Have you ever seen someone squat over 400 pounds with a weak core? Yeah, me either.
Heavy weight training puts such a strain on your abdominal muscles that they are getting worked the entire time you are performing the workout. If you squat and deadlift regularly with heavy weight, your abs are getting one hell of a workout. Also, if you are performing stabilization exercises such as the front squat, lunges, single leg anything, and military press, your abs are constantly contracting to ensure that your body doesn’t crumble beneath you.
Also, pull ups, chin ups, push ups, and most other bodyweight exercises incorporate a good amount of core activation.
Knowing this, excess core work simply isn’t that necessary.
3. Learn Your Abdominal Anatomy and Train Accordingly.
Let’s get this squared away, as if I haven’t been stating it enough so far; you are training your core, not your abs. If someone were to ask you which muscles comprise the entire core musculature, could you name them all without just saying ‘abs’? Let’s see.
The (major) core musculature is made up of:
- The Pelvic Floor Muscles
- Transversus Abdominus
- Internal and External Obliques
- Rectus Abdominus
- Erector Spinae
How’d you do? Get at least one I hope?
The point here is if you don’t know which muscles you are training, how can you train them optimally. Now, granted, I’m not too certain of the most effective Diaphragm exercise, but what I’m saying is you need to be incorporating multiple core exercises that target multiple muscles of the core rather than just stick to a select few such crunches and oblique bends. Train multiple parts of your core and you will notice a much fuller, more aesthetic core than you could have ever had by sticking to the same 3 or 4 exercises.
4. 20 Minute Abs
First off, if you ever see an advertisement for 20 minute anything, please change the channel.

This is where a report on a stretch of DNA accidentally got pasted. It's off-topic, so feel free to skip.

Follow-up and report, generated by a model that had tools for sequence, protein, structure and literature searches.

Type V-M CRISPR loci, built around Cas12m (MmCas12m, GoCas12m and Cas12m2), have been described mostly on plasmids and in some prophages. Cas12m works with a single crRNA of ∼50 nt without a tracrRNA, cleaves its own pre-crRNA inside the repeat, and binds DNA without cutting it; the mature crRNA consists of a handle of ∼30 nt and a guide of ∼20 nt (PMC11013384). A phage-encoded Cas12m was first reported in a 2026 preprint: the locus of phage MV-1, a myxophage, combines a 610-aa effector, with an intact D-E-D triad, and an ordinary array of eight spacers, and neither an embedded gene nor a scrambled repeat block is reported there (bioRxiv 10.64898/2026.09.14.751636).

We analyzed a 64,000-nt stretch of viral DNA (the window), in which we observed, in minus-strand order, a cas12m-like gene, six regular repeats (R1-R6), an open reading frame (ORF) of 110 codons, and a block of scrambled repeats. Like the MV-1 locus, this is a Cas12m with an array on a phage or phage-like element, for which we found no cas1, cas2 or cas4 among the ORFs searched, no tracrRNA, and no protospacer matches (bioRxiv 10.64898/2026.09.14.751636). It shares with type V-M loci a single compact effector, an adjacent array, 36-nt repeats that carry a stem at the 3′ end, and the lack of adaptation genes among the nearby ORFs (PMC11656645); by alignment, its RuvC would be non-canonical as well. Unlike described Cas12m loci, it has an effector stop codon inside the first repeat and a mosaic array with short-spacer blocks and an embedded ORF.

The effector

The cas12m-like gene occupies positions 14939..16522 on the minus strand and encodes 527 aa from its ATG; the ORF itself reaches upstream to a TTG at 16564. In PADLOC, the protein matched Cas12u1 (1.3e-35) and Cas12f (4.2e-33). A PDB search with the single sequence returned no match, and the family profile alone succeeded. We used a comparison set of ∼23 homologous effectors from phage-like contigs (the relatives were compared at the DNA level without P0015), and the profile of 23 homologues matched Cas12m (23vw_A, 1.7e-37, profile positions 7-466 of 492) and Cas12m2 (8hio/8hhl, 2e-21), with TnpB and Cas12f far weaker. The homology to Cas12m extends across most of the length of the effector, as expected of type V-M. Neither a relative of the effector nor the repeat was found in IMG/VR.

A great set of abs is earned through hard work, dieting, and determination. There is no such thing as a routine that can give you great abs in 20 minutes. Now, if they changed the name to 20 month abs, it would be much more realistic. But people don’t want to wait. We’re a lazy nation and we want what we want, and we want it now. Well guess what my adoring gym junkies? This time you have to work for it, but I promise you will like the results.
So, if you are one of those people that can’t go a single session without hitting their abs, only do it for about 5-10 minutes. Work them hard for that short period of time and then call it quits. No need for overkill here. Your abs will respond favorably and they will probably look better since they aren’t being constantly destroyed. And if you add it up, throughout the course of the week, you probably trained them for more than 20 minutes. How’s that for an infomercial?
Hopefully now you know what it takes (or doesn’t take) to have and maintain a great set of abs. Work hard for your accomplishments and show that six-pack off with pride.
Escamilla, R., C. Lewis, D. Bell, G. Bramblet, J. Daffron, S. Lambert, A. Pecson, and R. Imamura. “Core muscle activation during Swiss ball and traditional abdominal exercises..” J Orthop Sports Physical Therapy. 40.5 (2010): 265-76.